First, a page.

Recently a friend asked me for information about spruce grouse. I am sure he saw the slight look of panic as I thought about what resources I had and where the conversation would be headed.
I seriously knew little beyond what they looked like and how many could be harvested during the hunting season. I ran through my resources in my head.
If I want to know more about where they occur on the globe I turn to eBird. For taxonomy questions and distinguishing different subspecies I dig deeper for papers written since the expansion of DNA-based studies. If I am only interested in identification and tantalizing side notes on life history, I have five different field guides and two apps.
Unfortunately, the answer to a broad question is often more complex than the information being pursued. My first response usually entails more questions about the information being sought, in order to reduce my search time for information not needed. The arduous task of information gathering just got easier.
This week the team at Cornell Lab of Ornithology unveiled the most comprehensive source of bird knowledge we have seen in decades. After several years of development they launched a program called Birds of the World.
It follows along the same lines as the Birds of North America series, but goes way beyond. Currently there are 10,721 species that have been included in Birds of the World and new and updated species accounts are being completed regularly.
The volume of work that went into this is astounding. It integrates information from eBird, Cornell Lab of Ornithology Macaulay Library, and the Internet Bird Collection into one easy to use and navigate platform.
Ebird has over 700 million bird sighting records and is adding another 1.25 million daily. The Macaulay Library has over 16 million photo, video and sound recordings.
There are dozens of other apps that provide you access to information about songs, appearance, life history and such. Thayer’s Birding Software, eBird, Bird Journal, Scythebill and Birders Diary all have information available beyond just keeping a spreadsheet of the birds you have seen.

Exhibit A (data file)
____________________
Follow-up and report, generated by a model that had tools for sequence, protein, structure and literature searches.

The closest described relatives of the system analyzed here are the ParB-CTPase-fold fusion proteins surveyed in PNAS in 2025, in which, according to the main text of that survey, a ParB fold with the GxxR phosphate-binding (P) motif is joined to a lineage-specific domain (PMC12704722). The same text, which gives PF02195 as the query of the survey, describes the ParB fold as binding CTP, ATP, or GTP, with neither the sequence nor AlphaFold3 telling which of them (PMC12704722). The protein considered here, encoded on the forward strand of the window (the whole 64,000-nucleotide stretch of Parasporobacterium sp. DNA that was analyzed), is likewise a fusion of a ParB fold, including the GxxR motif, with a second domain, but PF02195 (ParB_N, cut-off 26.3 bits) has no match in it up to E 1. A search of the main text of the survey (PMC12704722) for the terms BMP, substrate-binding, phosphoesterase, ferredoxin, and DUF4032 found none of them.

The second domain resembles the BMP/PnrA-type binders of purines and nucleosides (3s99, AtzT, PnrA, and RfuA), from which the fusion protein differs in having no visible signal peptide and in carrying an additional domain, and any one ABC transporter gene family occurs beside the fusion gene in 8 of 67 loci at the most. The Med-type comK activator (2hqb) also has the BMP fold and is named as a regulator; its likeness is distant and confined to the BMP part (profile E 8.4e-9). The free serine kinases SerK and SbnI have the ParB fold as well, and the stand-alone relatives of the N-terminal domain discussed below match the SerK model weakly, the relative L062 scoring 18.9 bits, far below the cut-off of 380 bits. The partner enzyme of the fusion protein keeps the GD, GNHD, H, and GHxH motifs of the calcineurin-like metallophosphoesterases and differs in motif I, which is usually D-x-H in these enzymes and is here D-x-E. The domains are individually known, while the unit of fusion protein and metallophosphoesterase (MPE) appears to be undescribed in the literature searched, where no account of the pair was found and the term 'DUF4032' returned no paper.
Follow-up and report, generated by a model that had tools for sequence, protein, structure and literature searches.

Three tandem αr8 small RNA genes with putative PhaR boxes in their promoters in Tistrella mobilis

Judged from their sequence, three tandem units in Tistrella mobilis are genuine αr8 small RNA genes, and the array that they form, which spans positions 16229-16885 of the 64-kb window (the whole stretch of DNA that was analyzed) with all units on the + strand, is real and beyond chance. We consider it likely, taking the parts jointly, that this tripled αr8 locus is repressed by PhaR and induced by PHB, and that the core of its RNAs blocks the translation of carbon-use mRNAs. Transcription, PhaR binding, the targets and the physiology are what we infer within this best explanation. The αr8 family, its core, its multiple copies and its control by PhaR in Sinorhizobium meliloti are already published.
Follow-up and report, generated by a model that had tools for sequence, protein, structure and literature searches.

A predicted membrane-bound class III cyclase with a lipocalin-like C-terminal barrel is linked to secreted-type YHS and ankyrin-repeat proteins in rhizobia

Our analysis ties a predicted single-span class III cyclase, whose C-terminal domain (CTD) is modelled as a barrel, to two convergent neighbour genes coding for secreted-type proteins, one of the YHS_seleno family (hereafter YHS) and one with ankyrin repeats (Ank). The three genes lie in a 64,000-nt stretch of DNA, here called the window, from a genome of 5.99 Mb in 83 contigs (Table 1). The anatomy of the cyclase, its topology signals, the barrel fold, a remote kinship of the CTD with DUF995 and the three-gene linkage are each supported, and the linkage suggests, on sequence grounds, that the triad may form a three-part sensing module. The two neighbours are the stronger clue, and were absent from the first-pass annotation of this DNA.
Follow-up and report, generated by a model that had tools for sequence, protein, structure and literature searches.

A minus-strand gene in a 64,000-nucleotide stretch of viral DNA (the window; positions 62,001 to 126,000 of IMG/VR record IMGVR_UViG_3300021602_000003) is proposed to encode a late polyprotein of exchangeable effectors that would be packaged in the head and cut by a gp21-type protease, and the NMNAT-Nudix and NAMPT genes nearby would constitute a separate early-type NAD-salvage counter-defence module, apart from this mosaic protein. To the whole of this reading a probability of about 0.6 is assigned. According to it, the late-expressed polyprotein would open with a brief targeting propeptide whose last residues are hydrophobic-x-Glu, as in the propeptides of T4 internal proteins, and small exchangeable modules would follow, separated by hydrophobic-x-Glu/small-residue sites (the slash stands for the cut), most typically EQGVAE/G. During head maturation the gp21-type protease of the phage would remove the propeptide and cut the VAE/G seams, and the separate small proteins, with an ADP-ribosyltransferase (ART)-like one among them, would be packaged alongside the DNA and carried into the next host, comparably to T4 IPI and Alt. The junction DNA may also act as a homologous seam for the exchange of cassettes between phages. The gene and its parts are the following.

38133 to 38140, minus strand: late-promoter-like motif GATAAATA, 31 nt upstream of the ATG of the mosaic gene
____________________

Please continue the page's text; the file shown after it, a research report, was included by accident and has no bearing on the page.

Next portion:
Some are free, some you pay upfront for the whole program, and others are subscription-based systems, such as Birds of the World employs. Some also provide institutional subscriptions so that your school or community library can provide access to users.
One of the things I found most impressive about Birds of the World is that many sections of the program are live-linked to the other sources of information. So as new sightings come in daily, the maps are also updated and I don’t have to wait for the updated version of the program to come out each year.
After pulling up spruce grouse info for my friend, I spent about 20 minutes glassing through species that I knew more about. There was tons of information I had never encountered. It would have taken me weeks to compile all of the information about one species and now I have info on nearly 11,000 species at my fingertips.
I entered my recent two favorite species, Anna’s and rufous hummingbirds. In a matter of minutes, I discovered fascinating info on the differences in their nesting strategies that explains why there are nesting Anna’s hummingbirds in the Seattle area right now.
Anna’s actually nest in what we consider late winter (November through May). Since they are less territorial about feeding areas this is presumably a strategy that reduces competition with more aggressive migrant species like rufous, who arrive in Alaska in early May.
When we finally document overwintering Anna’s hummingbirds on the Kenai Peninsula, we should expect them to start nesting sometime in March. Obviously, this winter was a reset back to our more “normal” temperatures. In subsequent winters, when we have more mild conditions, anything is possible.
How can a hummingbird nest survive even in the Pacific Northwest where cold, damp and occasionally snow are par for the course in February? In my review of Birds of the World, I found a cited paper that tested the thermal capacity of the nest structure. The author found the insulating ability of the nest to be slightly better than polar bear hair!
The inner cup is lined with hair, feathers and plant fibers. The walls of the nest are formed with fluffy plant material like cattail, willow and cottonwood fluff from their catkins, bound together with spider web silk. This forms the perfect insulation. The outside is carefully decorated with lichen and moss held on by more spider web silk, making it extremely camouflaged.
This is an amazing resource. I found digging through the information therapeutic as we enjoy the last of the winter and wait for migrant birds to return.
To preview Birds of the World and view a few of the free species accounts go to the following link: https://birdsoftheworld.org . I don’t think you will be disappointed and will likely have trouble extracting yourself from the computer, as I did.
Todd Eskelin is a Wildlife Biologist at Kenai National Wildlife Refuge. Find more Refuge Notebook articles (1999-present) at https://www.fws.gov/Refuge/Kenai/community/Refuge_notebook.html or other info at http://www.facebook.com/kenainationalwildliferefuge.
By TODD ESKELIN
Kenai National Wildlife Refuge